The relationship between group A streptococcal infections and Tourette syndrome: A study on a large service-based cohort

Davide Martino, Flavia Chiarotti, Maura Buttiglione, Francesco Cardona, Roberta Creti, Nardo Nardocci, Graziella Orefici, Edvige Veneselli, Renata Rizzo

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Aim To evaluate the relationship between diagnosis and clinical course of Tourette syndrome and group A Streptococcus (GAS). Method GAS infections, anti-streptococcal, and anti-basal ganglia antibodies (ABGA) were compared between 168 patients (136 males, 32 females) with Tourette syndrome; (median [range] age [25th-75th centile] 10y [8-11y]); median Tourette syndrome duration (25th-75th centile), 3y (1y 3mo-5y 9mo) and a comparison group of 177 patients (117 males, 60 females) with epileptic or sleep disorders median age [25th-75th centile], 10y [8y-1y 6mo]). One hundred and forty-four patients with Tourette syndrome were followed up at 3-month intervals; exacerbations of tics, obsessive-compulsive symptoms, and other psychiatric comorbidities were defined by a bootstrap procedure. The effect of new GAS infections and identification of new ABGA upon risk of exacerbation was assessed using logistic regression analysis. Results Cross-sectionally, patients with Tourette syndrome exhibited a higher frequency of GAS infection (8% vs 2%; p=0.009), higher anti-streptolysin O (ASO) titres (246 [108-432] vs 125 [53-269]; p0.05). Interpretation Patients with Tourette syndrome might be more prone to GAS infections and develop stronger antibody responses to GAS, probably as a result of underlying immune dysregulation. New GAS infections are unlikely to exert, years after their onset, a major effect upon the severity of neuropsychiatric symptoms.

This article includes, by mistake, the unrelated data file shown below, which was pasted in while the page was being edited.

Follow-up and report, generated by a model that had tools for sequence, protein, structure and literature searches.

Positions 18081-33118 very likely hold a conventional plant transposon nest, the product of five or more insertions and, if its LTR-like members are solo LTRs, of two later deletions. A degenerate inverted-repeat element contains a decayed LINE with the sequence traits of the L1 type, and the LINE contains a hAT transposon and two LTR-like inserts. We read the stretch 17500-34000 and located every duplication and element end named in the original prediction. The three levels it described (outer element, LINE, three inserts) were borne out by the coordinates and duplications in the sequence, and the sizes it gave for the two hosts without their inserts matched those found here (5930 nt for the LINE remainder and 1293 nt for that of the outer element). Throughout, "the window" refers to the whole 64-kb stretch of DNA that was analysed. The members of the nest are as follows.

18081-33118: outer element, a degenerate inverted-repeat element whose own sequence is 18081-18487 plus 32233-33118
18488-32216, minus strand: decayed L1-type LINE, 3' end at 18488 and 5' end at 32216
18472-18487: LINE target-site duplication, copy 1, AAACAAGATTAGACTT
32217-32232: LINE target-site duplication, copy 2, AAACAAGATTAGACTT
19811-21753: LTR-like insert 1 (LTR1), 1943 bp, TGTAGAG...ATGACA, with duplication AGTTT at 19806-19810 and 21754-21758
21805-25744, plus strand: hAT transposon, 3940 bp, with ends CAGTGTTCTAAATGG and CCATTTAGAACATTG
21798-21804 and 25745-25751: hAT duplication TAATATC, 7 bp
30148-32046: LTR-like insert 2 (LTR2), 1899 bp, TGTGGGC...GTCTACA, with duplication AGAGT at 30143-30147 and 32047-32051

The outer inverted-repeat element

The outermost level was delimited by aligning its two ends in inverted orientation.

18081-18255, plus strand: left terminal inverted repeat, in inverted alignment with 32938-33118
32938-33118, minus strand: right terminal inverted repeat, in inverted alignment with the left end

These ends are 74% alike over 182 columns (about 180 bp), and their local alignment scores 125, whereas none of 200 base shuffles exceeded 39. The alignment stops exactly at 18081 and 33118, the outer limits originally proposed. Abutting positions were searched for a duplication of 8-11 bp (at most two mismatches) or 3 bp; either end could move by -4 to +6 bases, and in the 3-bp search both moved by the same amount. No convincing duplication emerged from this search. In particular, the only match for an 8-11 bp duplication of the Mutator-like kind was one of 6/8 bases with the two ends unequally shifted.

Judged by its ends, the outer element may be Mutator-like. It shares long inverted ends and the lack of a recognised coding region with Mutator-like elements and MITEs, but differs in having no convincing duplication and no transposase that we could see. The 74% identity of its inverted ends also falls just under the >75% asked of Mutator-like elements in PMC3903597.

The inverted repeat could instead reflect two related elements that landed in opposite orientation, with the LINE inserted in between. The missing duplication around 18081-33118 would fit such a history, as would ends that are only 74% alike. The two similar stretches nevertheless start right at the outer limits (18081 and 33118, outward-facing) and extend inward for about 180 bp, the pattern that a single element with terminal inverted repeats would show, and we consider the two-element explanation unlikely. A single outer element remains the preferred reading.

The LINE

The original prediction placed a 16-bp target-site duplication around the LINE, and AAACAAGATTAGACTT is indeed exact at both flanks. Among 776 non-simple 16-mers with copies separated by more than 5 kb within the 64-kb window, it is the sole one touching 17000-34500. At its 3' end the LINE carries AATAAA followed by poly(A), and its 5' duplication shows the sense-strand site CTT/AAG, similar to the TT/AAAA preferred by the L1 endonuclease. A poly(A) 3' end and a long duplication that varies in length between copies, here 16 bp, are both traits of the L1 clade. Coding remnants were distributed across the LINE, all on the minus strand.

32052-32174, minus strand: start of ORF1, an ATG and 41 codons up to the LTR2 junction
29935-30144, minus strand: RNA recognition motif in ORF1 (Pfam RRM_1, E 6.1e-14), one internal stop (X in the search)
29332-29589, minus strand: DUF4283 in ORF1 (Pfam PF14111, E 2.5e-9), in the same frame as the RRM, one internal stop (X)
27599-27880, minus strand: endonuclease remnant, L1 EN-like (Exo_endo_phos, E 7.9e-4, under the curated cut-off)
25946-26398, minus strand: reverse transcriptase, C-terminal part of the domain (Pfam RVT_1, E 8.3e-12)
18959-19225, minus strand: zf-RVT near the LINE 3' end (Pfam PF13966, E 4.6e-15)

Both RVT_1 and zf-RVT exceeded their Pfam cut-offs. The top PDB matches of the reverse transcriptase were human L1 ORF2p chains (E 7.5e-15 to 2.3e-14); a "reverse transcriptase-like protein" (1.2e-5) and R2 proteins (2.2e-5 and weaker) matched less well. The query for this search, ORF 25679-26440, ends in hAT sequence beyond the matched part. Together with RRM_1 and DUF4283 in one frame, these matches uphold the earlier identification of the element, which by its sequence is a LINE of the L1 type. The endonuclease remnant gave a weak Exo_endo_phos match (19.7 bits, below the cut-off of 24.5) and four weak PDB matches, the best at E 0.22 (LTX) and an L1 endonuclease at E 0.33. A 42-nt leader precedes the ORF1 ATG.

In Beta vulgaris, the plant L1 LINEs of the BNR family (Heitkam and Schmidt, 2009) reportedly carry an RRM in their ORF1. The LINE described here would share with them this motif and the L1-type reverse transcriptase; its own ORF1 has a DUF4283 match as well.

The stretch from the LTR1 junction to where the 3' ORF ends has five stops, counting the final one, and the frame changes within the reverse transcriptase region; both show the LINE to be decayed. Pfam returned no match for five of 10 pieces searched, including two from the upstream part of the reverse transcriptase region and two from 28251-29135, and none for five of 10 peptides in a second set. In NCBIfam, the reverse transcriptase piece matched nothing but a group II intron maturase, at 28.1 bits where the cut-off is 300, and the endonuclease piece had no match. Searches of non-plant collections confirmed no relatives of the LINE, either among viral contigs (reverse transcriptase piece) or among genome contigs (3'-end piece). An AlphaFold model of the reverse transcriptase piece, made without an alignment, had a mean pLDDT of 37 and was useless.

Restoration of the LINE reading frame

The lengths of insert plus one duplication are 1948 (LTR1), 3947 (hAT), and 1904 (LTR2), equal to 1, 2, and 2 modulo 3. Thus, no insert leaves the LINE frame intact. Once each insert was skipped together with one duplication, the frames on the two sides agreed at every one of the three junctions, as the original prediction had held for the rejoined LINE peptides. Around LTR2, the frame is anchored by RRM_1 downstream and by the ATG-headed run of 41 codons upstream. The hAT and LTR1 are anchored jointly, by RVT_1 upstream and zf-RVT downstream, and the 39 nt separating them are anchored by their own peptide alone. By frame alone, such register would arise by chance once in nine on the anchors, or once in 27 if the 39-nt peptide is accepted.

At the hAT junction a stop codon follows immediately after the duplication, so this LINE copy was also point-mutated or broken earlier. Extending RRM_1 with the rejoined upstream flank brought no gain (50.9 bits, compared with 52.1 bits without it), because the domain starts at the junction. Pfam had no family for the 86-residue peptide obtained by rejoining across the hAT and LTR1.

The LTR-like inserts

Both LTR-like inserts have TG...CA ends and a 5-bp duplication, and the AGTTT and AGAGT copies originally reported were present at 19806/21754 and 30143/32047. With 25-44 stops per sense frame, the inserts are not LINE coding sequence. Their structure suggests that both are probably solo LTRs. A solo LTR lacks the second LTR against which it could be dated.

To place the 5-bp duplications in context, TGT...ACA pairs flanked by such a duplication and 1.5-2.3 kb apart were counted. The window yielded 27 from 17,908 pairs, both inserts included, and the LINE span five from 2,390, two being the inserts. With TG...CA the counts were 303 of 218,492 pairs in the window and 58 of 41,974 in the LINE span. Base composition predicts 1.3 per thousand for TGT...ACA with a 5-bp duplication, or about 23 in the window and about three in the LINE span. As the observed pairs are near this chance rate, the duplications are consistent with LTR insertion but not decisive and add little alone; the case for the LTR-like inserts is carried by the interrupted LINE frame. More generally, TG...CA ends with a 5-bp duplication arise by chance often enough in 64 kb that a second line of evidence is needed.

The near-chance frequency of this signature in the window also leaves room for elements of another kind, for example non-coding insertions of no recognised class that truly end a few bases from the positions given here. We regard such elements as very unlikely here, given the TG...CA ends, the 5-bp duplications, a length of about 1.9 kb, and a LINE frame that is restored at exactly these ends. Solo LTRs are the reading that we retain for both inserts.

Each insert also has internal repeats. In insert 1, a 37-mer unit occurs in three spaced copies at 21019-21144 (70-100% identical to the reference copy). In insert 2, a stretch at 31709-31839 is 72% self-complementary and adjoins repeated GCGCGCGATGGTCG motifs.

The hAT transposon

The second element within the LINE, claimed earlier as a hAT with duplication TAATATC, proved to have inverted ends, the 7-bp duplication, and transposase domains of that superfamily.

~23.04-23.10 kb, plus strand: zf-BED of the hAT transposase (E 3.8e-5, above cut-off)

Original languageEnglish
Pages (from-to)951-957
Number of pages7
JournalDevelopmental Medicine and Child Neurology
Issue number10
Publication statusPublished - Oct 2011


ASJC Scopus subject areas

  • Clinical Neurology
  • Pediatrics, Perinatology, and Child Health
  • Developmental Neuroscience

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